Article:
Home  Forums  Rules  Articles  diyAudio Store  Gallery  Wiki  Blogs  Register  Donations  FAQ  Calendar  Search  Today's Posts  Mark Forums Read  Search 
Software Tools SPICE, PCB CAD, speaker design and measurement software, calculators 

Please consider donating to help us continue to serve you.
Ads on/off / Custom Title / More PMs / More album space / Advanced printing & mass image saving 

Thread Tools  Search this Thread 
7th December 2012, 04:43 PM  #1 
diyAudio Member
Join Date: Jul 2004
Location: Edmonton, AB Canada

Calculating EIA standard values
I need the formula for calculating EIA standard decade values (RS276) and don't want to use a list. I've tried what I could find on the web and they all fizzle out the same way for E24 and less.
Example, calculating E12 (10%) values gives: 10, 12, 15, 18, 22, 26, 32, 38, 46, 56, 68, 82, 100 < using formula 10, 12, 15, 18, 22, 27, 33, 39, 47, 56, 68, 82, 100 < EIA series It's not a rounding or truncation problem  the 27 value is actually 26.10, the 47 value is actually 46.42 Anyone know why the middle values are off? Formula: R = 10* 10 ^ (n / b) ; where ^ is exponentiation, and b is the series number (12 for 10%, 24 for 5%, 96 for 1%), and n is the step progression 0b. Some links I found useful: MightyOhm Blog Archive EIA Resistor Values Explained Excel Formula Calculates Standard 1%Resistor Values standard resistor value table  Ekswai 
7th December 2012, 05:07 PM  #2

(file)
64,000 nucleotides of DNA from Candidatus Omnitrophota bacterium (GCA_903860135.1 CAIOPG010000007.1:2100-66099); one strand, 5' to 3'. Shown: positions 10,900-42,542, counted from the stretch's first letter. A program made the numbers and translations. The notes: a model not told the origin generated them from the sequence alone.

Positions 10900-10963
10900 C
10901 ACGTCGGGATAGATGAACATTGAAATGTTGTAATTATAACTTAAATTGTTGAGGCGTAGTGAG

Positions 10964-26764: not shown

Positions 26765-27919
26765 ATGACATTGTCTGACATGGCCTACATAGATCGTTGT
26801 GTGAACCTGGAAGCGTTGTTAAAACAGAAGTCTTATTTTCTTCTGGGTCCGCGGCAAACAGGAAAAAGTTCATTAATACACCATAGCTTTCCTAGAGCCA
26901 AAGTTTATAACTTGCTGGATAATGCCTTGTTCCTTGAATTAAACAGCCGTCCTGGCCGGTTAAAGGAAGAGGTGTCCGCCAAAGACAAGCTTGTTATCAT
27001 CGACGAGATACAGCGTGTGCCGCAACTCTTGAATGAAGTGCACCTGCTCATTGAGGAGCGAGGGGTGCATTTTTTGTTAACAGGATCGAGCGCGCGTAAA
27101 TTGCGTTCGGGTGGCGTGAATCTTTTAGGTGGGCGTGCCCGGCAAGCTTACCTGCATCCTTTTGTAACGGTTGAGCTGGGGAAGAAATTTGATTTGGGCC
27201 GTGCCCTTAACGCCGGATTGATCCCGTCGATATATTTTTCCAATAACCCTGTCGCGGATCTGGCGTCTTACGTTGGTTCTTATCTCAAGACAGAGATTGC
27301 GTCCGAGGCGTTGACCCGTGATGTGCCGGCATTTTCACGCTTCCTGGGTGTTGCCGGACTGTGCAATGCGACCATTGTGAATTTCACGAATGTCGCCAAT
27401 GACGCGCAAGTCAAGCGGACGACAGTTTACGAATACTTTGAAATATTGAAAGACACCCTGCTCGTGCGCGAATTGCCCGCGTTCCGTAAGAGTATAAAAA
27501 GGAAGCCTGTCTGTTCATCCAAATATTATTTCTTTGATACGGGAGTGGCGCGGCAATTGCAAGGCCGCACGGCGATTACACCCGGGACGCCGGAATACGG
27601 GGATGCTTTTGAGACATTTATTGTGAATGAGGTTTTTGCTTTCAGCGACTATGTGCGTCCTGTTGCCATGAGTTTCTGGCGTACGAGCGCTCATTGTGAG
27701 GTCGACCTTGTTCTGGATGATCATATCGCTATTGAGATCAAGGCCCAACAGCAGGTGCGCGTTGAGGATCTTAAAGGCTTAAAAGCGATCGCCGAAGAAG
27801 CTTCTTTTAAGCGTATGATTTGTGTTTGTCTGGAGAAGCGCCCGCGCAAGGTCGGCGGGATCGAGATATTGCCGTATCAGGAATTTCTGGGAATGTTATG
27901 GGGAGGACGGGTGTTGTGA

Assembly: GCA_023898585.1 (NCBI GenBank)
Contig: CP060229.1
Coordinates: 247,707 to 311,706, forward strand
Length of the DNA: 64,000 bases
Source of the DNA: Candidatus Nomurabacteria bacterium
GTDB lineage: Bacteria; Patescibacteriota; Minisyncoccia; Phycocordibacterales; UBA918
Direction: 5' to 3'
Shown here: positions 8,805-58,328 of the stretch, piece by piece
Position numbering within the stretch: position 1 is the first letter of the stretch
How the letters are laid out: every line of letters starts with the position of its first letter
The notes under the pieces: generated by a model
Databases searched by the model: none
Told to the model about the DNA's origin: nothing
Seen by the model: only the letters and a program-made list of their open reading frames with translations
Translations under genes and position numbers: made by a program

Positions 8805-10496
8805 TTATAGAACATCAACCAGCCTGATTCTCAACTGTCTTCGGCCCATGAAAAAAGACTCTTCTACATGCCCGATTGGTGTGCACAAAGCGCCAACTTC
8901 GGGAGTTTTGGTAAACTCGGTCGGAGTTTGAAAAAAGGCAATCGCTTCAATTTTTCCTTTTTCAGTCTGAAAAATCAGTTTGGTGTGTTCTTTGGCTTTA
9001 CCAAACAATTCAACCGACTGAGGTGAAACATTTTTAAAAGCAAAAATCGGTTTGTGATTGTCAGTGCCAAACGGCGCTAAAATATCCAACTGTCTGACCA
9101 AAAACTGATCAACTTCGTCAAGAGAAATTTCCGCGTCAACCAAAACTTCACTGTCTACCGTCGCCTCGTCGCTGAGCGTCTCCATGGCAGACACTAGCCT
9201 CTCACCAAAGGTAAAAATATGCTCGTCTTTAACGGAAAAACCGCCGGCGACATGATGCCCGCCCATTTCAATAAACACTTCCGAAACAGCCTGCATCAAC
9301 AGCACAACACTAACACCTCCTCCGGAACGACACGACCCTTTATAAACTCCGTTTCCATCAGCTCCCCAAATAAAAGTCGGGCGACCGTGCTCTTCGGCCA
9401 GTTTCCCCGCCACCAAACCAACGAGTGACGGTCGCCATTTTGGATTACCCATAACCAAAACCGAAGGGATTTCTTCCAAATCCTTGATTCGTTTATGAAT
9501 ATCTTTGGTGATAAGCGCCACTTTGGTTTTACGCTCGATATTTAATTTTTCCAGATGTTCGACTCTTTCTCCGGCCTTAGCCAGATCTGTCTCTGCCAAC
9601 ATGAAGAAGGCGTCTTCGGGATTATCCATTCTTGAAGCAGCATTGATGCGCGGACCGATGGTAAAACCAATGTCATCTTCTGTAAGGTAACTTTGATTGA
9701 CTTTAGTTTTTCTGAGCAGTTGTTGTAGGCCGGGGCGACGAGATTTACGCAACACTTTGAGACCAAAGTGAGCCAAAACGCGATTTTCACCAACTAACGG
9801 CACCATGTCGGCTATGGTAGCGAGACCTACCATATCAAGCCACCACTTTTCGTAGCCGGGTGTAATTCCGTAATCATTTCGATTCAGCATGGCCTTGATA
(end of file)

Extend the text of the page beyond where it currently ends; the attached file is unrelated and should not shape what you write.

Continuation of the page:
diyAudio Member
Join Date: Mar 2008

I don't think they actually follow a mathematical series. they are a convenient approximation to a mathematical series, which is why it slightly differs..

7th December 2012, 10:39 PM  #3 
diyAudio Member
Join Date: Jul 2004
Location: Edmonton, AB Canada

After a bit more research, it's a geometric series of "preferred numbers" derived from Renard numbers, dating back to the 1870's.
A guess is the E6 to E24 values are quirky and adjusted to keep some backward compatiblity with old E4 values. Source Otherwise I could find no reason for inconsistencies. The math works for E48 (2%), E96 (1%) and E192 (0.5%, 0.25%, 0.1%) tolerances. i.e. using MS Excel with resistor value in cell A1: E192 value=ROUND((10^(ROUND(192*LOG(A1),0)/192))/10^INT(LOG((10^(ROUND(192*LOG(A1),0)/192)))),2)*10^INT(LOG((10^(ROUND(192*LOG(A1),0)/192)))) E96 value =ROUND((10^(ROUND(96*LOG(A1),0)/96))/10^INT(LOG((10^(ROUND(96*LOG(A1),0)/96)))),2)*10^INT(LOG((10^(ROUND(96*LOG(A1),0)/96)))) E48 value =ROUND((10^(ROUND(48*LOG(A1),0)/48))/10^INT(LOG((10^(ROUND(48*LOG(A1),0)/48)))),2)*10^INT(LOG((10^(ROUND(48*LOG(A1),0)/48)))) It's in EIA standard RS385 and IEC 60063, but I don't have them. If you do these calcs in S/W watch there are many different ways to round off numbers i.e. "banker's rounding" 
7th December 2012, 11:41 PM  #4 
diyAudio Member
Join Date: Nov 2008

From another forum, a similar discussion: Some of the E24 values are wrong!

Thread Tools  Search this Thread 


Similar Threads  
Thread  Thread Starter  Forum  Replies  Last Post 
calculating PS resistor values  valvehack  Power Supplies  10  22nd March 2012 11:44 PM 
Calculating resistor values  pk386  Solid State  4  10th April 2005 02:57 PM 
Pearl with standard cap values?  Petter  Pass Labs  5  25th January 2004 03:02 PM 
Help calculating RC values for rectifier snubber  Eric  Pass Labs  2  31st January 2003 06:57 PM 
New To Site?  Need Help?